To achieve goal of Halal around the world, Muslim community have to act together.
by Dr Huseyin Kami Büyüközer
Conferences, exhibitions and seminars are held in Muslim and non-Muslim countries to spread the word on Halal certification and to awaken Muslims to the availability of Halal certified products. The same goes for GIMDES Halal Products Research Institute in Turkey.
GIMDES recently held the 4th International Halal Food and Healthy Products Conference in Istanbul. Twenty esteemed scholars from different countries gave lectures on various topics. Concurrently with the conference, the 2nd International Halal and Healthy Products Exhibition also took place, which actually proved that the market of Halal food and products has expanded for the last few years. Moreover, the 9th Annual General Meeting of the WHC (World Halal Council) was held after the conference. These important events about Halal certification and Halal products will enable the Ummah to open their eyes.
The industrial age affected all businesses and facilitated the lives of people. However, now everything is so industrialized in developed countries that people have started to consume foods that are prepared by fully automated factories of giant food companies. These so called foods are ready-made, often times already cooked and they are complex mixtures of chemical processes instead of natural products. In a way, we can consider such foods to be synthetic. Consumers who are always bombarded by advertisements in the media have no choice but to consume these ‘plastic’ foods.
The food industry is under the control and management of the Western countries. This includes design, machinery, system integration and raw materials as well.
Almost all food factories in Islamic countries have been producing margarines, biscuits, chocolates, candies, cokes and other sodas based on recipes taken from the West and even under the supervision of foreigners.
As if this captivity weren’t enough, GMOs (Genetically Modified Products) have spread all over the world.
Muslim has to account for every single bite that he takes; so what can he do now? Should he close his eyes and go on eating whatever he is served? Or should he feel responsible and take care about what he consumes? More importantly, should he continue to sleep or should he wake up, and try to break the chains with which he is bound?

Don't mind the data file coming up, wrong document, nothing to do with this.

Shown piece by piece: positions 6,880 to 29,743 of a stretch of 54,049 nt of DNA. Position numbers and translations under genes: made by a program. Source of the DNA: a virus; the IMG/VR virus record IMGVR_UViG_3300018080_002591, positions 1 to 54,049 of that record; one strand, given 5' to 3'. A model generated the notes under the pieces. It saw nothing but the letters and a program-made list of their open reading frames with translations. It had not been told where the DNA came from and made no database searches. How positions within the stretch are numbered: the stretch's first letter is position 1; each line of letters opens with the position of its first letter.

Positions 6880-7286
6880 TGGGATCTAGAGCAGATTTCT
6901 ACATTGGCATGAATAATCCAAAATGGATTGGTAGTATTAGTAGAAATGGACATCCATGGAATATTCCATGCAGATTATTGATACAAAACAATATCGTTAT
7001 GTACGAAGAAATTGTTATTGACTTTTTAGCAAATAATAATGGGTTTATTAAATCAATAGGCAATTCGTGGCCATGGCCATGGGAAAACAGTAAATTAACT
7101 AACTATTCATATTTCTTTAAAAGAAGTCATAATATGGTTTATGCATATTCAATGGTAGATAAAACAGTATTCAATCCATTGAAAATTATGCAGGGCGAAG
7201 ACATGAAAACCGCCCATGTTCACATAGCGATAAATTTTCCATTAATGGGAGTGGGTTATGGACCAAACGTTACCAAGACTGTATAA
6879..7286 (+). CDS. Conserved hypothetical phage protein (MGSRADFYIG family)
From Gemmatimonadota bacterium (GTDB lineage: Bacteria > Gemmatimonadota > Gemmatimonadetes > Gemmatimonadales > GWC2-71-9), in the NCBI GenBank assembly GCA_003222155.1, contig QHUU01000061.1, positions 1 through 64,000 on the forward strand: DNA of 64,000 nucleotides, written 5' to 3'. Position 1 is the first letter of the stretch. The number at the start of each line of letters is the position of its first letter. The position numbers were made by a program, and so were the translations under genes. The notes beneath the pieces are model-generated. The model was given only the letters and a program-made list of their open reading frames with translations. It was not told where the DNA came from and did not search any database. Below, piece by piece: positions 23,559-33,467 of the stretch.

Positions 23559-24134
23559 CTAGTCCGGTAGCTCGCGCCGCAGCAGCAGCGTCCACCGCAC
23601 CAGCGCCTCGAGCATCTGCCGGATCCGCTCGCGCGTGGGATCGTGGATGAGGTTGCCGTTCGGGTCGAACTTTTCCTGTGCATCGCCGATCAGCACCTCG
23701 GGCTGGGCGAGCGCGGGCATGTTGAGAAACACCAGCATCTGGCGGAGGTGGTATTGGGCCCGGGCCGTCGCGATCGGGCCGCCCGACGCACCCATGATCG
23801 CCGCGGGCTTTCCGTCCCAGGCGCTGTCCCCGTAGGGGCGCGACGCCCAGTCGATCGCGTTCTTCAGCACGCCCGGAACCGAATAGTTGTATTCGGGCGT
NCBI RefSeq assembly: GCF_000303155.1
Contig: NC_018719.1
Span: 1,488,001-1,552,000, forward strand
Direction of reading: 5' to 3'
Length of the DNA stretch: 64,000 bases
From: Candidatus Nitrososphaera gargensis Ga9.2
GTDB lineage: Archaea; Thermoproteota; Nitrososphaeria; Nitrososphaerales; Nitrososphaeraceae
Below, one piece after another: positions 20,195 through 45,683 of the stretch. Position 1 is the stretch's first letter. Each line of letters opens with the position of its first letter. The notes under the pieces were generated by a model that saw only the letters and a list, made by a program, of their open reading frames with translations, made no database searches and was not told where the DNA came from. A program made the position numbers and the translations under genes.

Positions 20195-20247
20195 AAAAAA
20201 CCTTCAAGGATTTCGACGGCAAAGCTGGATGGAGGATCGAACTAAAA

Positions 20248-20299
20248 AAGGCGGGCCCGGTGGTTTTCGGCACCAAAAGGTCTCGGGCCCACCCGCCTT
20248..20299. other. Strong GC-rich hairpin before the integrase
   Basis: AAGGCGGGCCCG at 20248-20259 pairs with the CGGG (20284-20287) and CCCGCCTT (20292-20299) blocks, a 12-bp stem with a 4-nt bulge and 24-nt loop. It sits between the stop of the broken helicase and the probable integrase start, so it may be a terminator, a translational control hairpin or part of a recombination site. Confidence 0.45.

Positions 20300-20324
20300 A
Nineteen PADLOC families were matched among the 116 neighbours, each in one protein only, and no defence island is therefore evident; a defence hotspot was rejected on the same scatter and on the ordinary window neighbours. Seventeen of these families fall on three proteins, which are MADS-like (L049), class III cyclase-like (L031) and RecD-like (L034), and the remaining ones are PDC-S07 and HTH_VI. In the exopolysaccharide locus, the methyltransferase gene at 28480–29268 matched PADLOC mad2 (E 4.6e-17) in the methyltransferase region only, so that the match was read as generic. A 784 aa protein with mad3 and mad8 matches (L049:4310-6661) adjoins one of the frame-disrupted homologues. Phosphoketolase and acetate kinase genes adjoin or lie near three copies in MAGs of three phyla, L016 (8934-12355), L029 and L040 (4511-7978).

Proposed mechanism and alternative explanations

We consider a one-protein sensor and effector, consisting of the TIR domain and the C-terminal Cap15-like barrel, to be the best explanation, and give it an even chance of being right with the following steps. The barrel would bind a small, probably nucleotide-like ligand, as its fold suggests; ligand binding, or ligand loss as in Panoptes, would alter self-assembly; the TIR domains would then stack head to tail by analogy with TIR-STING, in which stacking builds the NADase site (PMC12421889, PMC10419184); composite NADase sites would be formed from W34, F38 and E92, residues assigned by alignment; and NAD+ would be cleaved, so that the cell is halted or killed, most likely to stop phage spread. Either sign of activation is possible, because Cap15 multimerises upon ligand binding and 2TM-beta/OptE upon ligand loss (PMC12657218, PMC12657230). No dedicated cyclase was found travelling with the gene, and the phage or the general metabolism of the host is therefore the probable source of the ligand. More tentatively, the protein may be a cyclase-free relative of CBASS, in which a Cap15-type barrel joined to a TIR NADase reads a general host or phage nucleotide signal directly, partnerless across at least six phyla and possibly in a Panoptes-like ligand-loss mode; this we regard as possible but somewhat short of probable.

These questions so pertinent to Muslim Ummah are now answered by the Halal certification systems.
We see a growing demand for Halal certified products. Malaysia, Indonesia and some Middle East countries require Halal certificates for food imports. Muslims living in non-Muslim countries increasingly show their preference for Halal certified products. We now see that Halal certified products corners are being provided by almost all retailers in UK, Germany, France and other European countries.
A 9 billion dollar market is available in the UK, another 7.5 billion dollar market in France and a total of a 70 billion dollar market in Europe.
Estimates suggest a potential 850 billion dollar market for Halal certified food for the whole world, and if you count all services, a huge potential 2.1 trillion dollar market is quite possible. Now many European businessmen are busy in trying to get shares of this very lucrative and ever-growing market.
Current Halal products trade is actually only 10% of the total potential. One main reason for not covering the whole trade is that the markets and products of many Muslim countries are very simple and can’t be traded internationally.
Many products of Muslim countries have bad packaging, have no internationally recognized brands or don’t have consistent supplies.
Halal certified products don’t have international standards in reliability, packaging and labelling. Halal food systems are not based on integrity and conformity.
Many Muslims are not aware of what they consume and often times they don’t even question whether what they eat is halal or not.
Because of the aforementioned reasons, foods and products consumed by Muslims remain under the supervision of non-Muslims, and they take advantage of Muslim Ummah by controlling the food industry economically, biologically and culturally.
To have Halal integrity; unions, trade companies, producers and NGOs must work together and meet on a common base. Producers must work on the quality and working systems and upgrade their standards. To increase awareness in the public and to educate people, media and NGOs must work in close cooperation.
Then Muslims can achieve one voice full unity in Halal market.
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